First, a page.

The tooling booths were KOOL! Found some new vendors for diamond tooling, will be checking and testing some stuff over the next few weeks/months. The Ice wall at the Sandvik booth was super nice (Ice blocks to build it were flown over from Sweeden, according to the booth reps.)
One other disappointment, a serious, serious shortage of booth babes! Dang vendors.....I thought that was a _requirement_, not an option. Geeeezz....... get with the program. There were a few honeys....but not many.
I noticed an almost total lack of multi-spindle machines. Oh..... there were _plenty_ of Y axis, sub spindle machines with live tooling, but I don't think I saw but 1 true multiple spindle machine. Must be the trend in the industry.
I didn't visit the DMG booth, would have been a needless excursion that I didn't have time for. The one multi I saw was the Takisawa with the gantry loader in the Yamazen booth. I didn't visit the Tornos booth either, ran out of time. Mazak only had 2 250 Nexus machines on display. Most of what they were showing were BIG machines.
Methods had a few lathes on display, but again, Y axis, sub spindle, live tooled.
Did see a oval turning lathe, "Ident" I think was the name, Indian made I believe. Interesting machine. Limited to 1200 RPM though. A bit pricey ($300k+) for the mediocre performance. Still interesting, none the less.
Methods had some nice demo's of the Robodrill, one with a robot. (I did notice several battle scars on the robot from ut-ohs....... shit happens even to the pros I guess.) They also had a smaller 5 ax machine (not robodrill) that looked pretty good.
Yamazen had some nice demo's on the Brother machines also. They had a direct drive 200 RPM indexer I ran one of my programs on while I was there to check times, not much, if any improvement over the times with the Sankyo indexer they were showing (and I'm using currently) on one of the other machines. The direct drive unit also takes up too much real estate on the table, no way I could put two of them on it side by side. Same goes for the Fanuc direct drive unit, eats up a lot of real estate.
Checked with Hardinge on the indexers they offer, again, direct drive. One was 200 rpm, other was 300 rpm. But I was suprised that the engineers in the booth had _NO IDEA_ what the indexing time was. You would _THINK_ that would be a readily available number to use as a selling point, but I digress.
Funny thing to do, is go watch some of the higher end machines run (robodrill, brother, mazak, mori, matsu, etc) and then walk over to the Haas booth and see how painful of an experience it is. The HAAS machines look like they are in slow motion. When I was roaming around there, they had just put a piece of steel in what looked like a 16 x 20 model, it was squalling (chatter) loud enough you should have been wearing ear plugs. You know that can't be good for the tooling.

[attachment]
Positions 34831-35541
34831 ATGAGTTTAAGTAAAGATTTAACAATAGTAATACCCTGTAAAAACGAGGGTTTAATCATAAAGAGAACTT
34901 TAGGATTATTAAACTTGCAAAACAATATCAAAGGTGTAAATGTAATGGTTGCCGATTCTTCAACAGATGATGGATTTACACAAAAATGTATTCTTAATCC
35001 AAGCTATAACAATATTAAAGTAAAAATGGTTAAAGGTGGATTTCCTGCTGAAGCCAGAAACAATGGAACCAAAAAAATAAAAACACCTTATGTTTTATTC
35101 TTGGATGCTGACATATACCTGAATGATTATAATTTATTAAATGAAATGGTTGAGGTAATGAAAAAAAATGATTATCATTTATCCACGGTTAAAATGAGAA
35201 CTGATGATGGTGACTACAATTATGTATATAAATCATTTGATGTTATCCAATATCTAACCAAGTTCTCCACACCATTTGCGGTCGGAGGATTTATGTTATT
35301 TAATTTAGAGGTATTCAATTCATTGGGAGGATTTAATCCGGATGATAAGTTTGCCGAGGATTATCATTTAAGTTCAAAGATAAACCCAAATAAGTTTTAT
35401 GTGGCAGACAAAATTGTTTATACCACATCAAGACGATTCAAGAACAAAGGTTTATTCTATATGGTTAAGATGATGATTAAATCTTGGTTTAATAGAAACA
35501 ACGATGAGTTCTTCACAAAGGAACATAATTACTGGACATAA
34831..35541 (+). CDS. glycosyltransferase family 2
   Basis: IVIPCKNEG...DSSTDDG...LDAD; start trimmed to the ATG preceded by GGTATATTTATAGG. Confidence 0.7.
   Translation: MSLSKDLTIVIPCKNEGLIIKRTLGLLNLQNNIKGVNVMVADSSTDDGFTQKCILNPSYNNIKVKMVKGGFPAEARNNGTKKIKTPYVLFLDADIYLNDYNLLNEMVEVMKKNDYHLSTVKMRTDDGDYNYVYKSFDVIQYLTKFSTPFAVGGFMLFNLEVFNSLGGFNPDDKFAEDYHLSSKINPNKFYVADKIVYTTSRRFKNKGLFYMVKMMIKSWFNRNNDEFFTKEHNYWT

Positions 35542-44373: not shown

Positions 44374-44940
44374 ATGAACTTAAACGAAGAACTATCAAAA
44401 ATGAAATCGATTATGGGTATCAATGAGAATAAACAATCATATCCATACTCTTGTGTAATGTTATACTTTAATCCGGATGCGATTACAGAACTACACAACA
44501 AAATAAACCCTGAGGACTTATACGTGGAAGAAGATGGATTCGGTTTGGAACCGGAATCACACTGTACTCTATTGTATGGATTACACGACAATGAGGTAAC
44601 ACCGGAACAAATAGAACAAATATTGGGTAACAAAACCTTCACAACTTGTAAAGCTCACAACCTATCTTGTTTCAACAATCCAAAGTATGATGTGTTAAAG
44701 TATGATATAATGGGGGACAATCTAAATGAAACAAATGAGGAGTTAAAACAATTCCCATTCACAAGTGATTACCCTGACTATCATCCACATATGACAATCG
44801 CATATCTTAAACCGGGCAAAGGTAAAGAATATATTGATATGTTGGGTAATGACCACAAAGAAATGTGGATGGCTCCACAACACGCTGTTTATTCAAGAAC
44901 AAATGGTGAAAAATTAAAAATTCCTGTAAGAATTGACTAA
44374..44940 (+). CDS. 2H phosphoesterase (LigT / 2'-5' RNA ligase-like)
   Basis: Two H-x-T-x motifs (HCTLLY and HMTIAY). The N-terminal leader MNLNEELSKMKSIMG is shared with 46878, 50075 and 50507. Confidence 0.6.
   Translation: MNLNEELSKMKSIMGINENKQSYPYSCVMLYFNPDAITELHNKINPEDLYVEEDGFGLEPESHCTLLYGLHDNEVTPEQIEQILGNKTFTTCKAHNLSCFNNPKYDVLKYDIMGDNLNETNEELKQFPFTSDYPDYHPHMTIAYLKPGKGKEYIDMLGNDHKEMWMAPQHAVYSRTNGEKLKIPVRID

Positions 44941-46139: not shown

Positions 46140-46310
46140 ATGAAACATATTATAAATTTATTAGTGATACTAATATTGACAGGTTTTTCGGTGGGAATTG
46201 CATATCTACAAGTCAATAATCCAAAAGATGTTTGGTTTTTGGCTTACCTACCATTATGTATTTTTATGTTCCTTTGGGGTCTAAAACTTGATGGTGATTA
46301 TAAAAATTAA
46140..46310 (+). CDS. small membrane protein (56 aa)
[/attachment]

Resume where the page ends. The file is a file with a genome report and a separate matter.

Oh yea, Someone wrecked the hell outta one while we were there. We heard it, the Mazak boys told us which booth it was in, as it was nearby, but I don't remember now which one it was.
Dan (SwissPro) was making some huge parts on his Tsugami swiss machines, so big you had to have a microscope to even see the damn things. Turned, drilled, milled, and cross drilled. 50k spindles, tooling so small you had to use the microscope to see the actual cutters. Stock looked like maybe 30 gage wire. He ran a cycle or two for us, it's _really_really_ hard to imagine being able to machine something that small, even as you are _WATCHING_ it do it. Some kind of test pin for the semiconductor industry. The set-up on that had to be a major bi0tch.
THK had some interesting linear motor linear slides. Those could be useful in the future.
Schunk had all kinds of automation, gripper, and tooling on display. They had a linear gantry loader working, but in talking with the guys, they had to slow it way down. They tried to run it wide open on Monday, but because they couldn't anchor it to the floor, they had to go chasing it across the aisle.
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========= Thanks for the update.
Good to hear that [at least parts of] the real [money generating] economy are thriving. Let us hope the export boom continues!
Unka' George [George McDuffee] ------------------------------------------- He that will not apply new remedies, must expect new evils: for Time is the greatest innovator: and if Time, of course, alter things to the worse, and wisdom and counsel shall not alter them to the better, what shall be the end?
Francis Bacon (1561-1626), English philosopher, essayist, statesman. Essays, "Of Innovations" (1597-1625).
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F. George McDuffee